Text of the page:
SGA Constitution Undergoes Major Overhaul
Stuart Grosvenor & Tyler Parmelee
Edited by Mary Hopkins
As announced on May 1st, the Student Government Association will be implementing a newly ratified constitution effective the day of graduation (May 24th). The changes followed a controversy back in October in which a member of the SGA was removed in what many regarded as an opaque process. The impeachment raised a series of questions and shone a light on the inadequacy of the SAIS Constitution, which provided virtually no clear guidance on such proceedings.
The origin of the now-defunct version of the Constitution is unclear. Members of the outgoing SGA claim not to know who wrote it, when it was created, or when (if ever) it last received any revisions. The document is not hosted publicly on any Johns Hopkins-affiliated website and was difficult for many students to track down during the fall semester.
The purpose of the update is to streamline the structure of the SGA and clarify its short and long-term goals. The new constitution, only half the length of its predecessor, includes new requirements for semesterly town halls, limits to the Treasurer’s reimbursement authorities, and a significant reduction in the duties of the Programming Chair. Notably, beyond some much-needed rewording, the new document does not introduce any language that improves the transparency of its impeachment process, opting to keep officer removal a largely internal process. This decision raised concerns among some Observer staff about the SGA’s ability to unilaterally remove officers who were elected by the student body without seeking consultation or communication with the wider community.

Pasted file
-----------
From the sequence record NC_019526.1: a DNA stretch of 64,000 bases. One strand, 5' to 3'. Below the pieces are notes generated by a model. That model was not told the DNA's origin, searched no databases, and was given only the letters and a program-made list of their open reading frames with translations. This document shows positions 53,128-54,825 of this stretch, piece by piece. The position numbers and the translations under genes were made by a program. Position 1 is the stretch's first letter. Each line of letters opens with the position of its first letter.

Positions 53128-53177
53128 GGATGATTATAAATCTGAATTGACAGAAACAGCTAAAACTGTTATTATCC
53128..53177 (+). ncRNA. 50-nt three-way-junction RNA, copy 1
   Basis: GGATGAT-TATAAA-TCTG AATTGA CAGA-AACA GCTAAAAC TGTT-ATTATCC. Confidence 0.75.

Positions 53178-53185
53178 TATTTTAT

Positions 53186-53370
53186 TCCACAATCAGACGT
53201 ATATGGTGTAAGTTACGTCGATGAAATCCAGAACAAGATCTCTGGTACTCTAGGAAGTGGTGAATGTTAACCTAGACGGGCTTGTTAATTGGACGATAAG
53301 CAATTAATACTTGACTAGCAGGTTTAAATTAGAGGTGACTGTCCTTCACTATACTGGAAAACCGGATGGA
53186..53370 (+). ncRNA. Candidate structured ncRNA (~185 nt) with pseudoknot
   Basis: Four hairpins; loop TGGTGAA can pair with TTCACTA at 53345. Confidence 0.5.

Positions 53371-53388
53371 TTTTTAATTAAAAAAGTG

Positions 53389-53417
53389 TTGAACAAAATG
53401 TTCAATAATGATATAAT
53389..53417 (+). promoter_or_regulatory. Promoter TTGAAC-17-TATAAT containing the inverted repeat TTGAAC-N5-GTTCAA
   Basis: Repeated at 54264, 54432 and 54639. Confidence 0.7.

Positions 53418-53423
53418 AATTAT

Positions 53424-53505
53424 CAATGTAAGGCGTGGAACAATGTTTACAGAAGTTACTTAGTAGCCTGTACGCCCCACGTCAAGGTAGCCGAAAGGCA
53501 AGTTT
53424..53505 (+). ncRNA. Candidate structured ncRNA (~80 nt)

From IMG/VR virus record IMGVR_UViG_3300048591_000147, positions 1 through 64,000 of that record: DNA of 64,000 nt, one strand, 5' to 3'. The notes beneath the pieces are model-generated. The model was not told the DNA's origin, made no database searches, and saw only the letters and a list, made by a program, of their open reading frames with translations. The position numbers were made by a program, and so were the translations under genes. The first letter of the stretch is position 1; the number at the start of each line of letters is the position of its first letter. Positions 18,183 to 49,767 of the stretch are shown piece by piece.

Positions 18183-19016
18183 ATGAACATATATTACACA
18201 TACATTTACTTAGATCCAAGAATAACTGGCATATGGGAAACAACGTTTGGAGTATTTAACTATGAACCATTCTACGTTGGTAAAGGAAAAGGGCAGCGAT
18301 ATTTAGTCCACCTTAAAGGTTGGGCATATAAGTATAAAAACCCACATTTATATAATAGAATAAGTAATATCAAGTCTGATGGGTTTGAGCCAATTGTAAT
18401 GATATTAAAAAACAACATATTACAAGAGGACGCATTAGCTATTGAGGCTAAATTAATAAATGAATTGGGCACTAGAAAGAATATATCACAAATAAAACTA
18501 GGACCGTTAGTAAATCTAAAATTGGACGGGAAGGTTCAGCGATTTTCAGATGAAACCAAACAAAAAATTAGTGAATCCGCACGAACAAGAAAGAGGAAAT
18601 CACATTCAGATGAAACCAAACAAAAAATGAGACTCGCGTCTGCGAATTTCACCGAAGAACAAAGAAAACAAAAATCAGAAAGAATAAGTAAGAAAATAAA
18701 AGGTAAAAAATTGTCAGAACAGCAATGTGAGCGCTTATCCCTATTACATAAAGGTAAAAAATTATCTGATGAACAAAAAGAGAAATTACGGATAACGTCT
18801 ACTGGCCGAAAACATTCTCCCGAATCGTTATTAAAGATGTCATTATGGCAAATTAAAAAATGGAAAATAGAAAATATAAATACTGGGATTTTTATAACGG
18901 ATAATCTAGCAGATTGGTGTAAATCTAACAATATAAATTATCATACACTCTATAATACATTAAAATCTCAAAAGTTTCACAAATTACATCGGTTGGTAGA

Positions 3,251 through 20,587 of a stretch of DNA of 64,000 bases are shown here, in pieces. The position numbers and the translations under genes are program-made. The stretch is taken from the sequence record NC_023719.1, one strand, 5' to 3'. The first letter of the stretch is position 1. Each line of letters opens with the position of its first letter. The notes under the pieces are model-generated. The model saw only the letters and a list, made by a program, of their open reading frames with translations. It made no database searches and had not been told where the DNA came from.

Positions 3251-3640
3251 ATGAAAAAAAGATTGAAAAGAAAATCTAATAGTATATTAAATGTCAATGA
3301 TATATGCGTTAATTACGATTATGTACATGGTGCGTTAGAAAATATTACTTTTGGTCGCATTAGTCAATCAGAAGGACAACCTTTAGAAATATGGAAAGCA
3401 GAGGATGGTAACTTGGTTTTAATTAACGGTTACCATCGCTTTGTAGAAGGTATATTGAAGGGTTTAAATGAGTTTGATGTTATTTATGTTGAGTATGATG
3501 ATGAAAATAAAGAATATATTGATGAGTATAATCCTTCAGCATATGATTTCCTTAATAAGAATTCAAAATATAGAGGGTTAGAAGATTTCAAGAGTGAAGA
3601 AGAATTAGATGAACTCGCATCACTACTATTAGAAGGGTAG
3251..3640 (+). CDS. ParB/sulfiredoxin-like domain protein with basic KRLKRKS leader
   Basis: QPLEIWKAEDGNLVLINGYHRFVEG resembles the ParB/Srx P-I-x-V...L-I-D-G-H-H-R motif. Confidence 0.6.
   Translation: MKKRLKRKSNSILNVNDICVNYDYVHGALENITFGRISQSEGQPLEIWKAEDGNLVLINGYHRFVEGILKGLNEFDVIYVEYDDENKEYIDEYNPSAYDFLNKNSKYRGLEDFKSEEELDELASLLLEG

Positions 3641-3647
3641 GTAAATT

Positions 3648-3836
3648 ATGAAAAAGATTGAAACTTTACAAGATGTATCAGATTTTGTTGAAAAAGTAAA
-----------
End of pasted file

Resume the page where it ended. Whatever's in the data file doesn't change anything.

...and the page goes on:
The outgoing SGA President, Fatimata Ndiaye ‘23, emphasized the importance of the new document and urged students to make their voices heard by voting. “The constitution will be crucial in the work of next year’s SGA, and we need your vote to get it passed,” Ndiaye said in a message sent to much of the student body. According to Ndiaye, significant time and effort were put into the modifications: “We started this process last fall 2022 with a day-long retreat where the entire SGA met on a Sunday to brainstorm, debate, read other constitutions, and ideate our role as an organization.” Additionally, Ndiaye stated the SGA consulted at length with various club leadership, inviting members to add, alter or remove features as they saw fit.
Despite this effort, there was disagreement among students on the value of the SGA’s changes and of even having a constitution in the first place. In the school’s 700+ member group chat, one student lauded the constitution as an “important legal document specifying rights of students,” while another stated frankly that a “blank page” would have been “just as valuable.”
As per the current constitution, any amendments made must be approved by a minimum 66% majority with at least 25% of the DC student population participating in the voting process. According to the SGA’s May 1st announcement, the required 25% of the student population participated in the voting process with 83.33% of students voting “YES” in favor of adopting the new constitution and 16.67% voting “NO.”.
Kosi Ogbuli ‘24, the incoming SGA President, said he feels the new constitution is simultaneously a “first step” for and a “continuation” of student advocacy through SGA. “As we move into a new building, shared with different programs, this will be the framework that, along with the entire student body, SGA can create by-laws to meet the ideals represented in this new constitution.” With any luck, Ogbuli will be proven correct, and the amended constitution will allow for greater transparency, accountability, and inclusivity in SGA, empowering future generations of SAIS students to make meaningful changes in the school community.